A five figure haircut that made me cry
On Sunday I spent Rs ₹₹,₹₹₹ for a haircut.
I voluntarily spent this money and I am very happy that I did.
The amount of money isn’t important. The haircutting salon isn’t important. The reasons for spending this ridiculous amount of money are important. The learnings from this spend are even more important than the act itself.
It all began with me showing up for my haircut. I sat down on the comfortable sofa after my temperature was checked, my mask was on and my hands sanitized. In about 5 minutes I was approached by a familiar face. I looked at him quizzically. I was aware he was a senior hairdresser in this organization and one I wouldn’t engage. I always want just a basic haircut and am very happy with an entry level hair ‘stylist’. My mask probably hid my facial expression and I somewhat reluctantly walked to get my hair washed; the first step to get it cut.
I noticed that only 2 of the 3 wash stations were functional. One was blocked to maintain social distancing. From the hair wash, I moved to the chair where my hair was to be cut. The same norms of social distancing were followed here; every alternate workstation was blocked. Everyone in the salon wore PPE suits. I was given a clean, new, disposable cape. As the hair cutting began, I engaged with the stylist and asked about the impact of the pandemic. What he told me moved me. The staff in the salon was reduced by close to 50%. They alternated working days for the helpers, which meant they only got to the salon half the time. No one was given a salary. Everyone was given a share of the day’s collections. Sometimes they had 10 or 12 appointments; weekends this moved to around 15. This was probably at 30% of their regular business.
When my hair cut was done, the stylist went up to the billing area and asked the person to raise a bill for a basic haircut. I stopped the person and asked to be billed at the full rate that the senior stylist normally charged. This just pushed my bill from a high 3-figure amount to a mid 4 figure amount.
I left the salon and as I walked down, I had a lump in my throat. I looked at my very expensive car. I looked at the sky and counted all my blessings. I looked around the market. All I could see were notices of restaurants and businesses that had closed. I couldn’t go home without doing something.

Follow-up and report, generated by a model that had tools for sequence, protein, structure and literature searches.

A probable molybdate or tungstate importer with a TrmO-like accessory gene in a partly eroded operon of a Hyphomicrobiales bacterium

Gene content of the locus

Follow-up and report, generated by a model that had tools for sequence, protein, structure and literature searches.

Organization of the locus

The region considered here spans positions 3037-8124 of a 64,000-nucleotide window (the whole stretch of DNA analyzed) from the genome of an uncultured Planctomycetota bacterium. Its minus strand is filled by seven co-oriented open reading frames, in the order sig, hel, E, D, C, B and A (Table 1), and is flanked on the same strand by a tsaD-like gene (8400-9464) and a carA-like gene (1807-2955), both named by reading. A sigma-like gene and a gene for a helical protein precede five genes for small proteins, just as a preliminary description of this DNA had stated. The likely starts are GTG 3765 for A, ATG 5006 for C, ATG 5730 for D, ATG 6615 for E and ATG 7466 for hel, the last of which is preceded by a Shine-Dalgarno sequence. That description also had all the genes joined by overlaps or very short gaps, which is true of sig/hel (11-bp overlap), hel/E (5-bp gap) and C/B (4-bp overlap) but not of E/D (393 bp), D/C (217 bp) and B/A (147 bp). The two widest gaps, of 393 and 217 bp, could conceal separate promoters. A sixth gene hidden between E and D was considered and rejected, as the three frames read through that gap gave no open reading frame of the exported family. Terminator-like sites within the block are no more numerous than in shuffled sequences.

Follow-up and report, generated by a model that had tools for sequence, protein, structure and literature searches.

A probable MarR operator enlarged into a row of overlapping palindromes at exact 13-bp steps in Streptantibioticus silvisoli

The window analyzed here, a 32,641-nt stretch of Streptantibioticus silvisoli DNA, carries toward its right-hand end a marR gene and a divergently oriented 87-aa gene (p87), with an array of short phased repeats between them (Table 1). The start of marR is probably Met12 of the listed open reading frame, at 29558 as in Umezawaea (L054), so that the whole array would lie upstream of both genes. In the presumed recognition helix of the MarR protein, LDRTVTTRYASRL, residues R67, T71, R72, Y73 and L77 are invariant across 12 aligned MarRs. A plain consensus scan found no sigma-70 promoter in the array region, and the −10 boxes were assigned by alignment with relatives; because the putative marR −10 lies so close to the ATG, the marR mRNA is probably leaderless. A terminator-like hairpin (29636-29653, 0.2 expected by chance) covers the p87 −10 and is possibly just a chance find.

I walked to my bank’s ATM. I withdrew cash and walked back to the salon. The hair stylist met me. I handed over the cash to him and requested that he use his judgement and ensure that it is distributed among the helper staff. They need it the most. He looked at the currency notes. Then he looked at me and we didn’t exchange another word. We understood each other without the need to use words. I turned around and walked out. I had difficulty descending the stairs as my eyes welled again. But this time I went to my car and silently drove home.
I am not relating this incident to get any accolades. I have only two things I really want to share in the hope that it motivates each one of you achieve your objectives in live.
Giving is the single most effective act in healing your own soul. No matter what the pain, what the stress, what the disaster staring you in the face, just go out and give just one biscuit to a hungry animal. Then look into the eyes of that animal or bird. That look will give you the hope of living for another day. Inside you, it will build the power to face the world. The size of the act is of no consequence. Forget what the world will think of the act. Think only of the soul that you touch with your act. The feeling of giving without wanting anything in return will make you a calmer, stronger and most of all a caring human being. And only a caring human being will truly conquer this world.
The second lesson is for managers, budding managers and future leaders. The act of giving is the very life blood of being a good manager who one day becomes a leader. To manage people, you will need to learn how to give. Here giving isn’t in the material sense. It is in being able to device processes, policies and workflows that ensure the team works with a sense of belonging. Remember a robot will perform a task infinitely more efficiently than any human. But when you are in a crisis, the same robot will not have a single contribution to make to you. For a contribution you will need to find another robot and believe that the robot has the credibility to deliver a solution. We have ‘AI’ that works but creative thinking is a long way off.
To be a leader you will have to be empathetic, to be an outstanding leader you will have to live the pain of your people. For all who think that this makes a leader weak, take it from a practitioner, it doesn’t.
Don’t do anything that stretches your means. But within your means, find small ways of contributing to nature. It’s summer, even putting out a bowl of water out for birds won’t cost you anything, but it has serious benefits. I have a water bowl on my roof. It’s frequented by crows. I sometimes leave food that is no longer edible for us or discarded by my buddy Arrow (my friend who is a big German Shepherd). I never have to worry about monkeys coming to my rooftop or damaging my plants. The crows that feed off my roof take care of the monkeys. They just won’t let them stay on my roof!
We are going through extraordinary times. Many of my connections in LinkedIn have told me about job losses and the hardships they are facing. I listen and I respond. I can’t help everyone individually but there isn’t a moment that I am not thinking of solutions. I may not be able to come up with a lot. But I know that every little bit helps. So please, try and do something for those who are less fortunate. Don’t do it for them. Do it for yourself; who knows you may never get another opportunity like this one to make yourself a better person.
My best wishes and prayers to help each one of us get through; and get through, we will.